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sahaj2
February 24th, 2015, 10:42 AM
I currently have windows 7 installed on my other PC. I'm thinking of installing Ubuntu on it. Here are my PC specs:-


http://i.imgur.com/qzyZ8nO.png


Should I install 32-bit or 64-bit? Which one will run smoothly on my PC?


Thanks! :)

slickymaster
February 24th, 2015, 11:01 AM
Hi sahaj2, welcome to the forums.

In order to get a correct answer for your question, can you provide us some more information on your computer specs? In particular your processor architecture, is it 32-bit or 64-bit?

EDIT: Have a read at this -> https://help.ubuntu.com/community/32bit_and_64bit

mrgs
February 24th, 2015, 11:21 AM
The 3.06 GHz Pentium 4 comes in a 32 and a 64 bit version.

If you can't provide more information as requested above you could just try a 64 bit ISO and see if it works.

efflandt
February 24th, 2015, 03:07 PM
Recent Ubuntu versions like current 14.04 or newer include 32-bit libs. If you try 64-bit and your CPU is not capable the live/install will error something like "Attempting to run x64 on i686".

An old 3 GHz Pentium with hyperthreading that I had at work from 2003 was still 32-bit only. It gave me the x64 on i686 error when I tried live/install iso on it. The first 64-bit cpu I had was Athlon64 3200+ (2 GHz) which may have been before mainstream Intel chips could do that. A dual core work laptop from 2005 was 64-bit capable. So which you can use may depend upon how old the computer is. My guess is that if it is 2006 or newer (or came with Win7) it probably supports 64-bit.

Unless your Internet is limited (for downloads) or additional RAM for the old PC is too expensive or computer itself only supports 2 GB, you could always try 64-bit first to see if the live/install boots.

grahammechanical
February 24th, 2015, 04:15 PM
Should I install 32-bit or 64-bit? Which one will run smoothly on my PC?

32 bit Ubuntu will run and run as smoothly as the limits of the hardware allows on a machine with a 32 bit CPU and on a machine with a 64 bit CPU. And this is because the 64 bit CPU architecture is backwards compatible with the 32 bit Intel CPU architecture. And that is because Microsoft was very slow about releasing a 64 bit version of Windows for the general public.

When it comes to modern operating systems I put the video adapter as having equal significance as the CPU and amount of memory. How much of its own memory does the video adapter have? Does it use shared memory (RAM). Can it do hardware 3D video rendering and it there a driver for it?

When we install Ubuntu we get the latest proprietary video drivers but the manufacturers are in a habit of dropping support for what they consider to be obsolete hardware. I advise that whether it is 32 bit or 64 bit Ubuntu when you install do not tick the box labelled "Install third party software." Then you will get an open source video driver. You can always install the third party codecs later by installing Ubuntu Restricted Extras. And install also a proprietary video driver with Additional Drivers. And if the restart breaks the OS you will know the cause.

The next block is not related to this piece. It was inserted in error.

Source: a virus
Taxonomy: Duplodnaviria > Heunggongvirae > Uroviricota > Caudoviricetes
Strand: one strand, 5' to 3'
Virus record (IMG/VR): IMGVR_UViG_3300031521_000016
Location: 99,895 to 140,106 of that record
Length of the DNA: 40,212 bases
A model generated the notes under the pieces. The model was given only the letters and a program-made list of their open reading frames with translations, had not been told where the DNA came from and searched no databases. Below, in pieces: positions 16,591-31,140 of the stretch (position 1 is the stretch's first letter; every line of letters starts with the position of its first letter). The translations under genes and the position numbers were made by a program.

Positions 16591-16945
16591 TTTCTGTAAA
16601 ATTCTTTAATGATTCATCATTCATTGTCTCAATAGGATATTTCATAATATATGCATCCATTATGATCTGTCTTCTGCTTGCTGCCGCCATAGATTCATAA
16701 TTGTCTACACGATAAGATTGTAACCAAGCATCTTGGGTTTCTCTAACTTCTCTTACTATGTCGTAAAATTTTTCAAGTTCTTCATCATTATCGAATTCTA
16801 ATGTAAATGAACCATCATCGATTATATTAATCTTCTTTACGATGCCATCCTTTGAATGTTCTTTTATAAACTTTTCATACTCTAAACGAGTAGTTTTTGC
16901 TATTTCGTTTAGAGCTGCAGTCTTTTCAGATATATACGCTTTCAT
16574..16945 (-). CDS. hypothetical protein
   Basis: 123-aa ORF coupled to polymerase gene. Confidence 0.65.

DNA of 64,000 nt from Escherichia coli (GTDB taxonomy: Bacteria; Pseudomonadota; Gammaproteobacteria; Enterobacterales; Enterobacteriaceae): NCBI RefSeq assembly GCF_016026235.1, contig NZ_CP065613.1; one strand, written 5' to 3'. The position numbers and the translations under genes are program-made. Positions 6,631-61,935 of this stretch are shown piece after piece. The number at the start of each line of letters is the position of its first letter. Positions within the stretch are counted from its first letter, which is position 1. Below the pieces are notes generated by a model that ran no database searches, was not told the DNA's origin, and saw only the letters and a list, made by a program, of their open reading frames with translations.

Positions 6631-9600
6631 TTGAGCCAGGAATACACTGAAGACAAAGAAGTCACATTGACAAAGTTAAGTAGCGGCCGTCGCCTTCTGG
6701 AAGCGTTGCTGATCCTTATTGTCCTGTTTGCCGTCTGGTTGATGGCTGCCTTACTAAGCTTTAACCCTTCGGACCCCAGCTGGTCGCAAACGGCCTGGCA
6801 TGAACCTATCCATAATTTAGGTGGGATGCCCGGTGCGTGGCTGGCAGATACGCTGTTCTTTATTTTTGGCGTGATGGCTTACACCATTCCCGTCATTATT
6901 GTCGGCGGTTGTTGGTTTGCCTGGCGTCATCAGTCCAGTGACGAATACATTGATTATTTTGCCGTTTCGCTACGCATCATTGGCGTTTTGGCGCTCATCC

Depending on the specification of the graphic adapter you may need to consider Lubuntu.

Regards.

mrgs
February 24th, 2015, 04:40 PM
Sahaj2, please forget what is said in the post above about proprietary / closed source drivers. Since we don't know your graphics adapter we don't know which drivers are available.

Everybody, let's wait for Sahaj2 to return before posting more advice.

slickymaster
February 24th, 2015, 04:42 PM
Sahaj2, please forget what is said in the post above about proprietary / closed source drivers. Since we don't know your graphics adapter we don't know which drivers are available.

Everybody, let's wait for Sahaj2 to return before posting more advice.
+1

mattharris4
February 25th, 2015, 07:27 PM
I know the OP hasn't returned but I will comment as it has general implications. If you wish to use the full Ubuntu or Edubuntu operating systems (I recommend the latter as I hate Unity and the Edubuntu variant has a GNOME option -- and it comes with educational games and programs appropriate for kids if that is a concern) you may want to bump up your RAM to at least 2.5GB. I ran Edubuntu with only 2GB of RAM (essentially Ubuntu with a GNOME diaplay option and a slate of educational-use programs) and on the worst RAM-hog site I use (SFGate -- which is San Francisco's main newspaper's site) the computer kept maxing out my RAM and going to my hard drive swap space. Unfortunately once it did that my computer slowed to a crawl. I upgraded my RAM to 3.5GB (it is very easy to do) and haven't had the issue since, my monitor states I am using between 2.2 and 2.5GB of RAM on that site. With the readings I am getting I think if you upgraded to 2.5 or 3GB you would have a much better operating computer.

Your other option is Lubuntu (a lighter OS by Canonical) and downloading any pertinent programs that come with Ubuntu but not with Lubuntu from the Software Center. Lubuntu will work just fine on 2GB of RAM. If you go for this option you will need to download an office suite such as Libre Office (which comes with Ubuntu) separately, that program is not a RAM hog and doesn't require Ubuntu specific features so it should run just fine. Modern web browsers run well too.

For the record my desktop runs a Pentium 4 at 3.00GHz, your processor is just a touch faster but otherwise I suspect it works similarly.